Canada to improve missile defence, security in the Arctic: DND report
North Warning System sites slated for big upgrade, expansion
Canada plans to sink lots of money into the Arctic—and Nunavut—as the military beefs up and expands surveillance in the region.
The new plan to better defend the Arctic airspace will see surveillance aircraft, remotely piloted systems—commonly referred to as “drones”— and satellites expanding Canada’s joint intelligence, surveillance, and reconnaissance capacity.
This plan will also include a revamp and expansion of the North Warning Sites across Nunavut.
These Arctic defence moves are outlined in a 113-page, recently-released report from the Department of National Defence on Canada’s defence policy, which says “Canada’s renewed focus on the surveillance and control of the Canadian Arctic will be complemented by close collaboration with select Arctic partners, including the United States, Norway and Denmark, to increase surveillance and monitoring of the broader Arctic region.”
Among new measures: an expansion of the Canadian Air Defence Identification Zone, known as CADIZ, to cover the entire Canadian Arctic archipelago, islands which mainly lie in Nunavut.
This CADIZ enlargement means any aircraft flying in this zone without authorization may be identified as a threat and treated as an enemy aircraft, potentially leading to interception by fighter jets.
The current CADIZ is based on the Distance Early Warning Line radars, which were replaced in the late 1980s by the North Warning System.
“An expanded CADIZ will increase awareness of the air traffic approaching and operating in Canada’s sovereign airspace in the Arctic,” the DND report said.
In the report, the DND points to “unique issues” in the Arctic which include its size and small population, spotty satellite coverage at extreme northern latitudes and technical challenges related to the polar regions.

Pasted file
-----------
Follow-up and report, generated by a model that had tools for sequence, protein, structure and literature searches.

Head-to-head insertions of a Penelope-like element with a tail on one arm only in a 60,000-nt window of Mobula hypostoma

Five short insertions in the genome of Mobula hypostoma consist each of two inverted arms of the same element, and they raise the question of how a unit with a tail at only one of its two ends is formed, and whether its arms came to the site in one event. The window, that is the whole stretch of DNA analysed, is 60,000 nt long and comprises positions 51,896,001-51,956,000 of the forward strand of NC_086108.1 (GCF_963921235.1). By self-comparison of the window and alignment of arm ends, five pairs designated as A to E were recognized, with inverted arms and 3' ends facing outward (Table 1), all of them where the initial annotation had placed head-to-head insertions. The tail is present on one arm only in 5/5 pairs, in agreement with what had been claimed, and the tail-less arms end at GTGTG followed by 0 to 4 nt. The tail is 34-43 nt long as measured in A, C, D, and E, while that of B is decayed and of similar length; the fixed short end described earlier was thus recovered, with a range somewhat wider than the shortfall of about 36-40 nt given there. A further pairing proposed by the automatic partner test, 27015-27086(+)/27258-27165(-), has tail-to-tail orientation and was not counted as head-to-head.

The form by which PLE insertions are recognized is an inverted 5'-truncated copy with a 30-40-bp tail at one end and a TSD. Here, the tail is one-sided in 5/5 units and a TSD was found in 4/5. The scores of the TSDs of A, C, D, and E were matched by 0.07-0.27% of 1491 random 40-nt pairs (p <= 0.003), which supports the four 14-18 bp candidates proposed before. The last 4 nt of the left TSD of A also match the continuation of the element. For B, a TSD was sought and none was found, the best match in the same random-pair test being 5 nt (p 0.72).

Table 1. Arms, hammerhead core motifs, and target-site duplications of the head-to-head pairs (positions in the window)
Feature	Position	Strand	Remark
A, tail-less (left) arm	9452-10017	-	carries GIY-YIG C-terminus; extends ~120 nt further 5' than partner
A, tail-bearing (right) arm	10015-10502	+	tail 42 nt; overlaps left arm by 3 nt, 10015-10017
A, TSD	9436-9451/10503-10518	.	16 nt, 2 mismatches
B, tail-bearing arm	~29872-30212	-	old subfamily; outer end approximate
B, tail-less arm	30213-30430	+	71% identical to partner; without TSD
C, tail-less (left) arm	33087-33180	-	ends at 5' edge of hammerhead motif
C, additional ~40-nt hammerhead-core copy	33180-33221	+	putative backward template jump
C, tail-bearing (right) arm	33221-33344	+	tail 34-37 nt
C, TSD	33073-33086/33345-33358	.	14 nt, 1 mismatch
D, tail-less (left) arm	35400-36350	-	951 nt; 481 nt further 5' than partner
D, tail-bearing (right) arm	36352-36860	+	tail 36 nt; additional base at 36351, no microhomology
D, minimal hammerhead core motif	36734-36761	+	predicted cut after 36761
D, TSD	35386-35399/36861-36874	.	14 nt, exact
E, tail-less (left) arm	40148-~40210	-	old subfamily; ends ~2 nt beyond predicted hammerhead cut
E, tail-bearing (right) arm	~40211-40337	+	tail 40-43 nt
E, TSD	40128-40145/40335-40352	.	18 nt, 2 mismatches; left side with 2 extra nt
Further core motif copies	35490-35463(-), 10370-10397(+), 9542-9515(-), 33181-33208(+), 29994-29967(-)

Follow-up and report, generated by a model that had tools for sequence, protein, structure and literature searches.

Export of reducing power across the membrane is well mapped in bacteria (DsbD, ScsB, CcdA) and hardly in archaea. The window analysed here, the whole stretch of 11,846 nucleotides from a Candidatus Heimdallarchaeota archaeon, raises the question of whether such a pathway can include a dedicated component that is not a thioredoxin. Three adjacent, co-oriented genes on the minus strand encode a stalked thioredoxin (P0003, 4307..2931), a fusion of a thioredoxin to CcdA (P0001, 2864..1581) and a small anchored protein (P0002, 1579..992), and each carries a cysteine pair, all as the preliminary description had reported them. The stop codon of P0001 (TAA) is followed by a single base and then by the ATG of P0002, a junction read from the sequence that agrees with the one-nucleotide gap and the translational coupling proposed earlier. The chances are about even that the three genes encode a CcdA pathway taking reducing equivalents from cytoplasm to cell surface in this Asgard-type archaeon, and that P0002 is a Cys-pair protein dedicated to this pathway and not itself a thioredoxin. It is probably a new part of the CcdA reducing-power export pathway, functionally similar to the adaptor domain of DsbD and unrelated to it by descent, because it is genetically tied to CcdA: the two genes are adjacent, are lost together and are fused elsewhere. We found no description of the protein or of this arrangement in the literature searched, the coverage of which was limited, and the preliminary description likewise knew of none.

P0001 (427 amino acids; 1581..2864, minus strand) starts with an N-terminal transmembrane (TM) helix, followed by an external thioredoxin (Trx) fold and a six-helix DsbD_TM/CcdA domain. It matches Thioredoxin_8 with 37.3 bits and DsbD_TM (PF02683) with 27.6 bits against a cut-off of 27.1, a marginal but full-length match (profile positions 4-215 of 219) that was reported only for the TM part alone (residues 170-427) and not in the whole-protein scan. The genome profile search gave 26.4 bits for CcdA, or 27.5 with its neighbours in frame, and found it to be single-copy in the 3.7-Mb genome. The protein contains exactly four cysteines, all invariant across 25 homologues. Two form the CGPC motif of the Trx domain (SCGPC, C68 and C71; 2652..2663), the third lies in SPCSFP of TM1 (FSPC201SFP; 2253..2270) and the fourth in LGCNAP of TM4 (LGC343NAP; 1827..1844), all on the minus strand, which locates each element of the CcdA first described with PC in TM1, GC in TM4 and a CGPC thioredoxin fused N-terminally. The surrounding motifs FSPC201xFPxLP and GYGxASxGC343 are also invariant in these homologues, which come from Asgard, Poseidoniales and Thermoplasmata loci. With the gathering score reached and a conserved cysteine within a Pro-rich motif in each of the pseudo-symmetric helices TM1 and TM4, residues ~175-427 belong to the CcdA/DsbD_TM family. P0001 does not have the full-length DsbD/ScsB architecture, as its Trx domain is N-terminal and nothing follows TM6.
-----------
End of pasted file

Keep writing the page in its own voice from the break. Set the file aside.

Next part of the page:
So the DND says it needs joint intelligence, surveillance and reconnaissance solutions that are “specifically tailored to the Arctic environment.”
This will, among other things, require a modernization of the North Warning System, or NWS, which provides aerospace surveillance of Canadian and U.S. northern approaches.
The current NWS is approaching the end of its life expectancy from a technological and functional perspective, the DND said.
And that’s troubling, its report said, because, “unfortunately the range of potential threats to the continent, such as that posed by adversarial cruise missiles and ballistic missiles, has become more complex and increasingly difficult to detect.”
Canada and the U.S. have already launched bilateral collaboration to seek “an innovative technological solution to continental defence challenges including early warning,” the DND said.
Studies are ongoing to determine how best to replace “this important capability,” its report said.
The U.S. and Canada have already said they planned to replace the radar along the North Warning Sites.
But judging from the wording in new DND report, this will involve some form of ballistic missile defence.
This idea has been around since the early 2000s when Inuit in Canada and Greenland reacted to the U.S. plan for anti-ballistic missile radar and communication systems in several places across the Arctic, including the U.S. Air Force base in Thule, Greenland.
The idea was to defend the U.S. against nuclear missile attacks from so-called “rogue” states such as North Korea and Iraq by missiles launched from ships or land, as well as lasers fired from modified aircraft.
But to make the proposed system work, the U.S. had to put radar and missile sites circling the Arctic.
In 2002, a defence watchdog told Nunatsiaq News that an upgraded Thule air base couldn’t do the job of defending U.S. airspace without assistance from additional sites in Canada.
Then, in 2004, high-level officials from Greenland, Denmark and the U.S. met in the Greenlandic sheep-farming village of Igaliku to sign three deals which would also allow the U.S. to move ahead with its missile defence program.
Since then, radar sites in Alaska and Thule have been upgraded, although the former Liberal government of Paul Martin decided in 2005 that Canada would not join up with the missile defence plan.
The DND also calls for:
• enhancement and expansion of the training and effectiveness of the Canadian Rangers “to improve their functional capabilities within the Canadian Armed Forces;” and,
• joint exercises with Arctic allies and partners.
The new focus on the Arctic, along with the more than 100 other parts of the DND policy, comes with a big price tag.
Annual defence spending is set to increase over the next 10 years from $17.1 billion in 2016-17 to $24.6 billion in 2026-27.
You can find the DND report online here.